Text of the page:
Origin of intended
verb (used with object)
verb (used without object)
Origin of intend
Examples from the Web for intended
But the ads are not just intended to remind the Google-curious that Paul exists and is thinking about running for president.
Users “should be allowed to use these devices and services the way they were intended,” Brookman says.How ‘Ethical’ Hotel Chain Marriott Gouges Guests in the Name of Wi-Fi Security|Kyle Chayka|December 31, 2014|DAILY BEAST
Then they intended to bury her, but she looked more alive than dead, and she still had such pretty red cheeks.In New Brothers Grimm 'Snow White', The Prince Doesn't Save Her|The Brothers Grimm|November 30, 2014|DAILY BEAST
The human body was not intended to take that kind of punishment.Flying Coach Is the New Hell: How Airlines Engineer You Out of Room|Clive Irving|November 25, 2014|DAILY BEAST
He insisted that he had not intended the novel to be political allegory, while knowing full well that it would be taken as such.American Dreams: How Bush Shaped Our Reading of Roth’s ‘The Plot Against America’|Nathaniel Rich|November 23, 2014|DAILY BEAST
I bowed my head to conceal the expression which might have told his lordship that I intended to do nothing of the kind.The International Spy|Allen Upward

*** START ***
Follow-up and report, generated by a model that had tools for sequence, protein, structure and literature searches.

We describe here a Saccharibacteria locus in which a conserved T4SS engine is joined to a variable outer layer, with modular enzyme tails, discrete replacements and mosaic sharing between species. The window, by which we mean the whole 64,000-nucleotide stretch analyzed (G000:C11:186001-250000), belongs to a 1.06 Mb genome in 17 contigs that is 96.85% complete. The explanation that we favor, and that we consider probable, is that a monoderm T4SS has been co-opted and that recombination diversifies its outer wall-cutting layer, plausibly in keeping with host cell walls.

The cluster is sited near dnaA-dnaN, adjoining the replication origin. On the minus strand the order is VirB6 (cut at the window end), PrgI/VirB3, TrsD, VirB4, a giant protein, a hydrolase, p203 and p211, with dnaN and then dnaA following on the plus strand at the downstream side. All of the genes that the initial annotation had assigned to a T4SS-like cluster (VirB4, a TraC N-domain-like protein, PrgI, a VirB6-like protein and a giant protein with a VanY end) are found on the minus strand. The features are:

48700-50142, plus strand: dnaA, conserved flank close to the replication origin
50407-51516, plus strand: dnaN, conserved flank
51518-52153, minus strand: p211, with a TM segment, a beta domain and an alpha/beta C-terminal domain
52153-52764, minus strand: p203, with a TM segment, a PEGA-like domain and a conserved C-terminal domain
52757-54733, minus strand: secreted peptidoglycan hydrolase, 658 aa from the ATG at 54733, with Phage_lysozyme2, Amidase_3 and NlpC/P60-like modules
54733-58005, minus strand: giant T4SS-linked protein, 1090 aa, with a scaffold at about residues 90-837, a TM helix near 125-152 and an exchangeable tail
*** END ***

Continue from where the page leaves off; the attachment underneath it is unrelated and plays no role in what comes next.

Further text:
The King subsequently sailed on his intended visit to the sister island, and arrived off the coast in due course.Memoirs of the Court of George IV. 1820-1830 (Vol 1)|Duke of Buckingham and Chandos
I believe that it is what Shakespeare intended, and that he despised the groundlings if they laughed.Shakespearean Tragedy|A. C. Bradley
Of our ten animals, six were intended for riding, and four for carrying cargoes, each taking turn about.A Naturalist's Voyage Round the World|Charles Darwin
The droll things were called the "Little Ease," and seemingly, were intended to create merriment.
Word Origin for intend
c.1300, "direct one's attention to," from Old French entendre, intendre "to direct one's attention" (in Modern French principally "to hear"), from Latin intendere "turn one's attention, strain," literally "stretch out, extend," from in- "toward" (see in- (2)) + tendere "to stretch" (see tenet). Sense of "have as a plan" (late 14c.) was present in Latin. A Germanic word for this was ettle, from Old Norse ætla "to think, conjecture, propose," from Proto-Germanic *ahta "consideration, attention" (cf. Old English eaht, German acht). Intended (n.) "one's intended husband or wife" is from 1767.